Boeing has warned that over a third of its firm order backlog for the 777X – a total of 118 aircraft – is at risk due to the financial condition of its customers and delays to the development of the new widebody twinjet.
In its annual report for the year ended 31 December, filed on 1 February, the US airframer states that firm orders for the 777X total 191 aircraft, down from 309 jets at the end of 2019.
That reduction has been driven by an accounting regulation known as ASC 606. Boeing classifies separately jets for which it holds firm orders, but believes there is a lower likelihood of the contract completing due to the financial condition of a customer, or other issues.
Boeing’s orders and deliveries data indicates that a combined 135 aircraft – comprising 118 777Xs and 17 777s – are covered by ASC 606 adjustments.
On their own, the potential 777X cancellations represent over 30% of the 777’s current backlog, but that rises to 38% for the new variant.
“The decrease in contractual backlog during 2020 was primarily due to a reduction for orders that in our assessment no longer meet the accounting requirements of [ASC 606] for inclusion in backlog primarily due to [the] 737 Max and 777X, deliveries in excess of new orders, aircraft order cancellations and changes in projected price escalation,” according to the airframer’s financial filing.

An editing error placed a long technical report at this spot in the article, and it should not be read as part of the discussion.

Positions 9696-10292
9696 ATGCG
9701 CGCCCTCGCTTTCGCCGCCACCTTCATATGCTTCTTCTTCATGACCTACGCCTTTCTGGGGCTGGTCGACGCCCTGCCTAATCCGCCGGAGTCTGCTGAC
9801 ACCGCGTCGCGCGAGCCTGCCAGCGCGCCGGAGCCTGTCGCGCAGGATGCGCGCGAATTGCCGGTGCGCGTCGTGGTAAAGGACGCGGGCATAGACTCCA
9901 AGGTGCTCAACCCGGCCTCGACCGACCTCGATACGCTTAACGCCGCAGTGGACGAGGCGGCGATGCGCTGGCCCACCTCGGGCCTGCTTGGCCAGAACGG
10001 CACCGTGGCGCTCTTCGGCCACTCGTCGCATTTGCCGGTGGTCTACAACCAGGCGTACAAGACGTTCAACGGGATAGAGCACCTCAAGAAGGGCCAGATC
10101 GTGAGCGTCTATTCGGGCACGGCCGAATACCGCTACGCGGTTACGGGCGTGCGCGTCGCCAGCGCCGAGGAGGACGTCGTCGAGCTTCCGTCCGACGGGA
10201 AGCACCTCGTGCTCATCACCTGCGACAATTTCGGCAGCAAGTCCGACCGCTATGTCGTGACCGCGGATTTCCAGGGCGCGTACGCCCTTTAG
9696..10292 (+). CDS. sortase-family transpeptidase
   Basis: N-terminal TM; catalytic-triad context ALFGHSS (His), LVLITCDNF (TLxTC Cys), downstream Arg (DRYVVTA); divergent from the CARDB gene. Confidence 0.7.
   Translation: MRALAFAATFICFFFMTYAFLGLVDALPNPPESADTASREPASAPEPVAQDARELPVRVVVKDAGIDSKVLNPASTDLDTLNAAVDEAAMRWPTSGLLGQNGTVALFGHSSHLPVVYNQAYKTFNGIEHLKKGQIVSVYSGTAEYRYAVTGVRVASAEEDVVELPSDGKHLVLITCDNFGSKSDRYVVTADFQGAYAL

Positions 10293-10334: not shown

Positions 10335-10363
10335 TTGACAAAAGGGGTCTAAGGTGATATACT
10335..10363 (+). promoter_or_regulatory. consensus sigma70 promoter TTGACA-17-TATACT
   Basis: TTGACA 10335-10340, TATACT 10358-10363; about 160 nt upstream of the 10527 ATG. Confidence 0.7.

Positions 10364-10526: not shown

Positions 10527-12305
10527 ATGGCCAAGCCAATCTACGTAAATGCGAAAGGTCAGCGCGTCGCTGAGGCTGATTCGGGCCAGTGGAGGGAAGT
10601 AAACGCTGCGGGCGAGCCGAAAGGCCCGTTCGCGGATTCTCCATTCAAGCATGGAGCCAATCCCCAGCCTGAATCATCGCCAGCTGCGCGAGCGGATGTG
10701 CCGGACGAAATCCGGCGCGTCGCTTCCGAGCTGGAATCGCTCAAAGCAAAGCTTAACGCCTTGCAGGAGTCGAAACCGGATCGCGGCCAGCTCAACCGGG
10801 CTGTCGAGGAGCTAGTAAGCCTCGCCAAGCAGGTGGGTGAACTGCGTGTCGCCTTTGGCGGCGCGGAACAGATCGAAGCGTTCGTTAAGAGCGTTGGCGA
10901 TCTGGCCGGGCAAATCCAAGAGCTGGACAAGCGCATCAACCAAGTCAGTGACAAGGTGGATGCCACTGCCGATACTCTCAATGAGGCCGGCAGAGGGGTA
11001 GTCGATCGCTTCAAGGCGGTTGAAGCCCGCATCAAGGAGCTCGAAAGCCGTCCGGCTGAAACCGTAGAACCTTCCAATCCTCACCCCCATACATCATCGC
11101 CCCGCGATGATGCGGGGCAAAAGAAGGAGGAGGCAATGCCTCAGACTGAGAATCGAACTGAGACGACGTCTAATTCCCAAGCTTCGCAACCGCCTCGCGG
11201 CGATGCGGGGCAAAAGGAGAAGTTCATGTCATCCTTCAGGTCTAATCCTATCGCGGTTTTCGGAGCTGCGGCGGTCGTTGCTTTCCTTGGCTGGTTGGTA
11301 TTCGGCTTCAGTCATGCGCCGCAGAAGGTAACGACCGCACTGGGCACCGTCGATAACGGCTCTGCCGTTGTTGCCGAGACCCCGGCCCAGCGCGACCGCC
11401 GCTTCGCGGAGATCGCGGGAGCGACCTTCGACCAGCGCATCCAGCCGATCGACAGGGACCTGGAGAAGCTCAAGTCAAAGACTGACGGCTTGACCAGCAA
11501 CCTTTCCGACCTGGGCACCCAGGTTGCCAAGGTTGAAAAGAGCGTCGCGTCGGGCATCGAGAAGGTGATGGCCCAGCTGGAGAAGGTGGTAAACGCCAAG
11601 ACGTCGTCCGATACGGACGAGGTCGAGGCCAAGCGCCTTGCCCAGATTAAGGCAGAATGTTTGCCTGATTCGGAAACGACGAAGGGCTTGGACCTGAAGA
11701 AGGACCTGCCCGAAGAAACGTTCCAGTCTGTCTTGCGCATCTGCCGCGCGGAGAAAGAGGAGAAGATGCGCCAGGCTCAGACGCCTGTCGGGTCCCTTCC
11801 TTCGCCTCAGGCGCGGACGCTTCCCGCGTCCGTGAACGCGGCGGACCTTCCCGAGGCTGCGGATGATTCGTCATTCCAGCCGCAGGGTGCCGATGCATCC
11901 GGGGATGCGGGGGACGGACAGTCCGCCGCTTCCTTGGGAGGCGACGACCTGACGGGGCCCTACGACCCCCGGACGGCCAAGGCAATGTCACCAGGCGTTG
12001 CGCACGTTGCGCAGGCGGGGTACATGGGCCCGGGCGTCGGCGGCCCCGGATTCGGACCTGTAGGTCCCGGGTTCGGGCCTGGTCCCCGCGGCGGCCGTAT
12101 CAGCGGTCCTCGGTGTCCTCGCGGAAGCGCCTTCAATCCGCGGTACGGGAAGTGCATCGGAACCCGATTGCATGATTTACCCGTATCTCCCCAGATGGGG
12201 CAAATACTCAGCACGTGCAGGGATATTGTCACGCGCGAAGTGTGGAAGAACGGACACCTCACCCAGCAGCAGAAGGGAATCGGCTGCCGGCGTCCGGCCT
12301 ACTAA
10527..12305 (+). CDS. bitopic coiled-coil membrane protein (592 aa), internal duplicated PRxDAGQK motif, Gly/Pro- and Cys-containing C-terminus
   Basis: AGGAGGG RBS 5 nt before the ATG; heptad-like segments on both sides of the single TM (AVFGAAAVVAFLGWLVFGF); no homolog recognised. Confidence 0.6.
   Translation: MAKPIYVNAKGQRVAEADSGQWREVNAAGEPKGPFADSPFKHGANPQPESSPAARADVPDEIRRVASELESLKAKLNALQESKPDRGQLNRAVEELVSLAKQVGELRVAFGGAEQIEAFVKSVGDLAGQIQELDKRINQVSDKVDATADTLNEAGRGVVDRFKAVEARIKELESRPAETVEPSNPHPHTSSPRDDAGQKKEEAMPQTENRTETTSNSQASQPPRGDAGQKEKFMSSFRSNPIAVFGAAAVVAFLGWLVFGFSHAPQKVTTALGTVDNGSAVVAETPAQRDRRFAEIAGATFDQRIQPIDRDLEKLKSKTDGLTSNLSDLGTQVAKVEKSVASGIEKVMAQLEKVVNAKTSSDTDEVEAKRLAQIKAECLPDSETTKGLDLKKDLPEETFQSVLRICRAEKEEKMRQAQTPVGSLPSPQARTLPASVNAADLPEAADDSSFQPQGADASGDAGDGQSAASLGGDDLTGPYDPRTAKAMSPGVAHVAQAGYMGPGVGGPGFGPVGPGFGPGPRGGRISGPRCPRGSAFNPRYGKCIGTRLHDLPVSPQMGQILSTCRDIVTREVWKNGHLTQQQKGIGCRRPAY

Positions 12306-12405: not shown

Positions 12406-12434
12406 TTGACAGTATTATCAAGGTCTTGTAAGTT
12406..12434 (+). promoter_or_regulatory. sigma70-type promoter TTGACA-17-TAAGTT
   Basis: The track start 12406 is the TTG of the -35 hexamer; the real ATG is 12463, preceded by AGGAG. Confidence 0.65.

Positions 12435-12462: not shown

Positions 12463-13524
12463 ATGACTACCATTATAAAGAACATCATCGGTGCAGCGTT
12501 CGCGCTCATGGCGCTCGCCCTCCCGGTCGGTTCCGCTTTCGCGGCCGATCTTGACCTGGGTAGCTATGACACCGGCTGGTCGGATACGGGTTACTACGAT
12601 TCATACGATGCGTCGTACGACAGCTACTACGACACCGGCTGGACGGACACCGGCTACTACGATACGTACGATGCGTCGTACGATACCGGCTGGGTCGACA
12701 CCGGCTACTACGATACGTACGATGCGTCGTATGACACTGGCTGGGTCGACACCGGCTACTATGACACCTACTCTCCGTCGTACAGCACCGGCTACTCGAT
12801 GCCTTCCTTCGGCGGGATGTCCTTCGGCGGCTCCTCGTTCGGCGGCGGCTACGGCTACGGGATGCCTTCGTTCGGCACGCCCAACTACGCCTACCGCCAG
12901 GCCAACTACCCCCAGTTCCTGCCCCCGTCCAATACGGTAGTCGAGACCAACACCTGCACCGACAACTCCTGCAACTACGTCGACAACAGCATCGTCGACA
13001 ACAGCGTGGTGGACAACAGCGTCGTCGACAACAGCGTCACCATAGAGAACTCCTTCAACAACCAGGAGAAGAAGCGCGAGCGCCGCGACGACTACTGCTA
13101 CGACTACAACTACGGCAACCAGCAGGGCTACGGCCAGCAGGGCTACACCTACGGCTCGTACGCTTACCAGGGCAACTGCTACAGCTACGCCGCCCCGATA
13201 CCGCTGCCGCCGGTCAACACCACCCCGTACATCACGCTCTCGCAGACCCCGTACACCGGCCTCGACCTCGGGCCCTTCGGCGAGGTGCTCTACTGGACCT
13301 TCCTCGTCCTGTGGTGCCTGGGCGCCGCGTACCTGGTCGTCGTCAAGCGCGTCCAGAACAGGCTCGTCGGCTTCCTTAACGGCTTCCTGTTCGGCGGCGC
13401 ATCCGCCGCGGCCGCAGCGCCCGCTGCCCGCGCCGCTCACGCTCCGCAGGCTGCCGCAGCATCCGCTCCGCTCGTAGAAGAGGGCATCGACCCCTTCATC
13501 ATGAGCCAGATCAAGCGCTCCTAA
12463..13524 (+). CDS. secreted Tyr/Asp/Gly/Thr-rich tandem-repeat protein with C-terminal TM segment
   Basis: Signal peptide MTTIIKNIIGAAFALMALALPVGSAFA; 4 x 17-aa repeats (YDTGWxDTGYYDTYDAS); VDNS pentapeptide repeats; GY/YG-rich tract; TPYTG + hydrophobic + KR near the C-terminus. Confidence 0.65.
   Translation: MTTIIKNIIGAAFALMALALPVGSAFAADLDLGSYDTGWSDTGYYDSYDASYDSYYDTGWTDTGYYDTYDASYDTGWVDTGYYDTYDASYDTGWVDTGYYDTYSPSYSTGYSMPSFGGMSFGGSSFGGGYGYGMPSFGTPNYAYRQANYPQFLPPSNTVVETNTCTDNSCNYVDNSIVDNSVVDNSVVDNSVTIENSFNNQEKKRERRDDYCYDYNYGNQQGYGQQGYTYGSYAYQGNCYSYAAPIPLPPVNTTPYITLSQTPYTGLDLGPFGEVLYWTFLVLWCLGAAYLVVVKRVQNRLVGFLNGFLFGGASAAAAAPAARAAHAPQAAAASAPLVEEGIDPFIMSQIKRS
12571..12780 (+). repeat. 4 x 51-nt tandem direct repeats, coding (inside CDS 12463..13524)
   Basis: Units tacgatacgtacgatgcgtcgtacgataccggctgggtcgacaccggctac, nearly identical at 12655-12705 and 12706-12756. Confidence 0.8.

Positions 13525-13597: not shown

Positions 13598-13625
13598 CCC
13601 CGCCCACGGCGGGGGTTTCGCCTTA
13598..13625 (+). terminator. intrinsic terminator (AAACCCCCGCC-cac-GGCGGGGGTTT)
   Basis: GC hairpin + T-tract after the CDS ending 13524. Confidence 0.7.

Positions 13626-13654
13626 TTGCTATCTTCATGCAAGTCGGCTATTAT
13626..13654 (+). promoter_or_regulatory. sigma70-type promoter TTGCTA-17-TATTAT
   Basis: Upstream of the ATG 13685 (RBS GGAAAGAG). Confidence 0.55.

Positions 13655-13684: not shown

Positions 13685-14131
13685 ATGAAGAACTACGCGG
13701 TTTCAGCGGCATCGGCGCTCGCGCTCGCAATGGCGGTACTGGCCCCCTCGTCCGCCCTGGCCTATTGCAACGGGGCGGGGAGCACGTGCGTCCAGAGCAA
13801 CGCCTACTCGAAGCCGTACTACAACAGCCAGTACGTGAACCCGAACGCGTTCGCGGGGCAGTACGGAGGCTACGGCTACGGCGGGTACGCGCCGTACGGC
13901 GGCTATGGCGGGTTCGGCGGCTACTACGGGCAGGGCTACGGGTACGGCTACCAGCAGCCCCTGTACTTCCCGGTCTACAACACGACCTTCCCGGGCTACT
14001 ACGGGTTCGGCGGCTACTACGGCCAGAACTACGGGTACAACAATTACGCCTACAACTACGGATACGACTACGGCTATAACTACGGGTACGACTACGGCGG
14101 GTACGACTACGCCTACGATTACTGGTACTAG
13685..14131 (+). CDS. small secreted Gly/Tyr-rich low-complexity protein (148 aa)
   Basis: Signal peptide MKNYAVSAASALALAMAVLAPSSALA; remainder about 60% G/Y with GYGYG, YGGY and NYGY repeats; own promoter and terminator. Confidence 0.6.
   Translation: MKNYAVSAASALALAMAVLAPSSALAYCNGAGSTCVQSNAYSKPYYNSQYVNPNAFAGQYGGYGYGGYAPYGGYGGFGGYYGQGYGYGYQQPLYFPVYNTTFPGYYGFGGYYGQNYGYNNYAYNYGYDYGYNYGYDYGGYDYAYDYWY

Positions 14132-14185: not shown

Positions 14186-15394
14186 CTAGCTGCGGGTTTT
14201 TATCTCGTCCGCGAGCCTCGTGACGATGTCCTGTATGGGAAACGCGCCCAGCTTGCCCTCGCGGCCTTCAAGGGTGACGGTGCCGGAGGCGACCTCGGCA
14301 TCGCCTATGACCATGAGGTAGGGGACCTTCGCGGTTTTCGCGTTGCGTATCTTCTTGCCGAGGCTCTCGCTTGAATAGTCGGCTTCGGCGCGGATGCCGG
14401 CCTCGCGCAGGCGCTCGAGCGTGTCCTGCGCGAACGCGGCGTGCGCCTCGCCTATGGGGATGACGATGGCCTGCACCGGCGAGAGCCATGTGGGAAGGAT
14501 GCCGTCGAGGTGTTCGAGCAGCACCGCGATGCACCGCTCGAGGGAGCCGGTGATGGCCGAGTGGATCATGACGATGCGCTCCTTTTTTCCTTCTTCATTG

It warns that further delays to the 777X may result in “additional reductions to backlog and/or significant order cancellations.”
Boeing recently pushed back first delivery of the GE Aviation GE9X-powered 777X to late 2023, citing weak demand and issues around certification.
ASC 606 adjustments have particularly hammered the 737 Max programme over the last 12 months, with Boeing currently recording 749 orders for the single-aisle that it believes are unlikely to be completed.
But owing to the narrowbody’s protracted grounding, customers have also been able to walk away from orders: the airframer saw 641 cancellations for the Max during 2020.